The Strange Case of Ruby McCollum

Dr. Clifford Leroy Adams’ murder was a seminal moment. “Ruby put whites                                                                                          on notice that maybe Blacks weren’t going to stand for this any more.”

Ruby McCollum trail was railroaded by the failure to allow her testimony to be entered

Ruby McCollum trail was railroaded by the failure to allow her testimony to be entered

The Strange Case of Ruby McCollum

By Eleana Elan

 Defender Contributing Writer 

 

As  women we have come a long way; as Black women, there is a way to go. Our experience as women has still been worse than our White counterparts and only because we are Black.

This issue celebrates the women of The Race in a big way because we have accomplished much to be recognized.

This particular story, however, is to remind us that we must always stay focused, and move full steam ahead. The story captures the life of Ruby McCollum, who stood up against a system that meant to crush and bury her.

Ruby McCollum, who was born August 31, 1909 and died May 23, 1992, was a wealthy married African-American woman living in Florida, known for killing a prominent white doctor in 1952 who had been elected to the state senate.

Mrs. McCollum was allowed to testify during her trial that the doctor had abused her and forced her to have sex and bear his child. However, much of her other testimony was prevented by objections from the prosecution.

“They didn’t want to think Doc Adams was the type of man that would sleep with a Black woman –would rape a Black woman over and over again, would beat her, harass her, torment her, terrorize her, drug her without her consent. I mean, what type of person would do that?

“Doctor Adams was that kinda guy,” says Ruth Thompson-Miller, a professor of sociology and anthropology and the writer of Jim Crow’s Legacy: The Lasting Impact of Segregation (Perspectives on a Multiracial America), notes in the documentary You Belong to Me: Sex, Race, and Murder in the South.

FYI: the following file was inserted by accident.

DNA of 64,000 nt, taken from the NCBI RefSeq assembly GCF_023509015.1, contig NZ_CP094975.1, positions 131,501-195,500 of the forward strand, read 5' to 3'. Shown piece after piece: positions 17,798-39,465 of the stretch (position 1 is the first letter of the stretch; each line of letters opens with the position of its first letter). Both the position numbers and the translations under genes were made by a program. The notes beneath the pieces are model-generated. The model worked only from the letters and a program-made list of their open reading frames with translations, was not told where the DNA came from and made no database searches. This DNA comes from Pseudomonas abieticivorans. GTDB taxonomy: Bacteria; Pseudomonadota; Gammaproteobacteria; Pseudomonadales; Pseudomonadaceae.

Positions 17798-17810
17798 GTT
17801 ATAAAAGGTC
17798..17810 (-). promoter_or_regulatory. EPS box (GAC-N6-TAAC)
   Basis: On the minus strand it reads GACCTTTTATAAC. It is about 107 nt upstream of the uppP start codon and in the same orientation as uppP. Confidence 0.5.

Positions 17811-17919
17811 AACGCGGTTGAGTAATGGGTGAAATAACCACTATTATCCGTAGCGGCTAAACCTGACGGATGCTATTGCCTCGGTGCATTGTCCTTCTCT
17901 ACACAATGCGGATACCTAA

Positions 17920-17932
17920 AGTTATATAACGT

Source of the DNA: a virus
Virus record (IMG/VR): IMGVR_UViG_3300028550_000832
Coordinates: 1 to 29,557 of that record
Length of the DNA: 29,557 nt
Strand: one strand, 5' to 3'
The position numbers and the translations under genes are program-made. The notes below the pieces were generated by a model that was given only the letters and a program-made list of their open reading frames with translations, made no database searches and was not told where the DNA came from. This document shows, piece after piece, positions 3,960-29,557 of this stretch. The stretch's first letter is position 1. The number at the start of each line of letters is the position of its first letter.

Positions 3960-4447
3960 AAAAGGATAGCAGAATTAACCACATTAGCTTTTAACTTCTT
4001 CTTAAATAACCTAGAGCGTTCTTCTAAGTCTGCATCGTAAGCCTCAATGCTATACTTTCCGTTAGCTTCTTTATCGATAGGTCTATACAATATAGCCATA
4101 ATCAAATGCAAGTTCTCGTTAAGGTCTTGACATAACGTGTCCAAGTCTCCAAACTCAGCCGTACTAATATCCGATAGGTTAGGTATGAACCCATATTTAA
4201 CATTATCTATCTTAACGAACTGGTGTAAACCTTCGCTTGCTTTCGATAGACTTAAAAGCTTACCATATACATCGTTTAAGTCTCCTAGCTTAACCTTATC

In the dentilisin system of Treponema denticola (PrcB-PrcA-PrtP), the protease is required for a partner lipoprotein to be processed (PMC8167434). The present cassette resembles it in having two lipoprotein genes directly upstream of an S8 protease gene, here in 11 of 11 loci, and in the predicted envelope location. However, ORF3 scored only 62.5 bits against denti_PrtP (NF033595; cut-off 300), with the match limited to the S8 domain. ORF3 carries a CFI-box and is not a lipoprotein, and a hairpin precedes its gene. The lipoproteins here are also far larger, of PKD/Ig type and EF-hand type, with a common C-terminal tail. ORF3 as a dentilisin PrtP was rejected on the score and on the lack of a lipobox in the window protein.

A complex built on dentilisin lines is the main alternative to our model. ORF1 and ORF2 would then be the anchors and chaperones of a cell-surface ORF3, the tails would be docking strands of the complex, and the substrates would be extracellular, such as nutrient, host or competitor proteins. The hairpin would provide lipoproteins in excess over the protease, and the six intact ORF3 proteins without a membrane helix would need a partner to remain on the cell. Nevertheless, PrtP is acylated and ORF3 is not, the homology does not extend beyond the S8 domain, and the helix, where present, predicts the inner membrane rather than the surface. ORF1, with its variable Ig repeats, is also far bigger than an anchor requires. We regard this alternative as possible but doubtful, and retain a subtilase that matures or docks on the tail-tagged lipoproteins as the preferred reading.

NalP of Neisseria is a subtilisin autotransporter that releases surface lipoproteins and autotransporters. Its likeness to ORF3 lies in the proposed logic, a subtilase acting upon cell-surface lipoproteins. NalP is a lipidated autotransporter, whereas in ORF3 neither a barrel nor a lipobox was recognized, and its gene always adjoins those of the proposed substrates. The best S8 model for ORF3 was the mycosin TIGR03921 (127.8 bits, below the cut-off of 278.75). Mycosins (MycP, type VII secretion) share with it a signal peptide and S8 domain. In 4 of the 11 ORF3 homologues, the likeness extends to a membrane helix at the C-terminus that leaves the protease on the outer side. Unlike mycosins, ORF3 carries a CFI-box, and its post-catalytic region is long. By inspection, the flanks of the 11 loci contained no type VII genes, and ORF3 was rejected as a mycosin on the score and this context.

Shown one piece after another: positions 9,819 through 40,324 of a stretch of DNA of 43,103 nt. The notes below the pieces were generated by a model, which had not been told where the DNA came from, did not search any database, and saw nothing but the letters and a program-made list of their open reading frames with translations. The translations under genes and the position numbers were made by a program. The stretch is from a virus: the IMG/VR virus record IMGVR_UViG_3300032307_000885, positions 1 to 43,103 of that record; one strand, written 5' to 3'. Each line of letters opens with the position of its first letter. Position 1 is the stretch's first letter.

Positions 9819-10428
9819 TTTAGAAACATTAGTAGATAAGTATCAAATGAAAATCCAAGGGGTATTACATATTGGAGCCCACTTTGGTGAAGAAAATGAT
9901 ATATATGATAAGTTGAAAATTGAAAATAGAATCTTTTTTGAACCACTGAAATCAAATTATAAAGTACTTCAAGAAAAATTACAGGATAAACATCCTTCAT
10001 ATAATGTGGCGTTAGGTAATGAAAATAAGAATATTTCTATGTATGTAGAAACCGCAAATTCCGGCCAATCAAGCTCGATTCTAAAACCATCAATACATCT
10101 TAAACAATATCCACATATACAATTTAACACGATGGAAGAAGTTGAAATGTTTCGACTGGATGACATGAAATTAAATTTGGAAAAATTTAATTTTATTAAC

The Raping Policeman

Her story is significant because it is the precedent for former Oklahoma City police officer Daniel Holtzclaw, who was sentenced to a full 263 years in prison last week for a series of rapes and sexual assaults against Black women living in his beat area.

Holtzclaw was convicted in December 2015 on 18 separate counts of rape, sexual battery, forcible sodomy, and lewd exposure. He had been charged with 36 separate counts stemming from the allegations of 13 different women.

The 18 convictions against Holtzclaw came from charges levied by eight of those 13 accusers, and had a maximum combined sentence of 263 years. He will spend the rest of his life serving the entire sentence. All 13 women who accused him of sexual assault in various forms were Black.

Prosecutors said, “Holtzclaw took a deliberate, systematic approach to his victims.” He didn’t choose CEOs or soccer moms. He chose women he could count on not telling what he was doing,” prosecutor Lori McConnell said in closing arguments. “He counted on the fact no one would believe them and no one would care.”

Holtzclaw’s  formula failed when he targeted a 57-year-old woman who had no criminal record and was not a resident of the low-income area where he was assigned.

Her choice to report her rape to the police department opened the door that unraveled the series of rapes that ultimately led to Holtzclaw’s arrest, according to the Washington Post. In another time with a jury of her peers, Ruby McCollum would most likely been viewed as an abused woman who had been terrorized by a sadistic rapist. Her actions were those of a woman who in her defense felt she had no other choice. And Dr. Adams should have been charged for his crimes against her.

Unfortunately for Ruby McCollum 64 years earlier, she was tried and convicted in Live Oak, Florida for the murder of Dr. C. Leroy Adams.

She was sentenced to death for killing a man whom she testified raped her over and over and was in fact the father of her youngest child, whom he forced her to give birth to even though she was married, knowing that it would raise questions.

Famed African-American novelist, short story writer, folklorist, and anthropologist Zora Neale Hurston covered the trial for the Defender’s sister paper the Pittsburgh Courier.  However the judge at McCollum’s trial forbade reporters from talking to her – even acclaimed writers Zora Neale Hurston and William Bradford Huie–also an American journalist and novelist who wrote about controversial topics. 

Zora Neale Hurston, famed author/anthropologist covered the trial for Pittsburg Courier

Zora Neale Hurston, famed author/anthropologist covered the trial for Pittsburg Courier

Had she not, most likely we would not have Ruby McCollum’s side of the story documented. Zora Neale Hurston had to sit upstairs in the segregated gallery, in view of Ku Klux Klan members who were no doubt present. Hurston’s coverage brought McCollum international attention.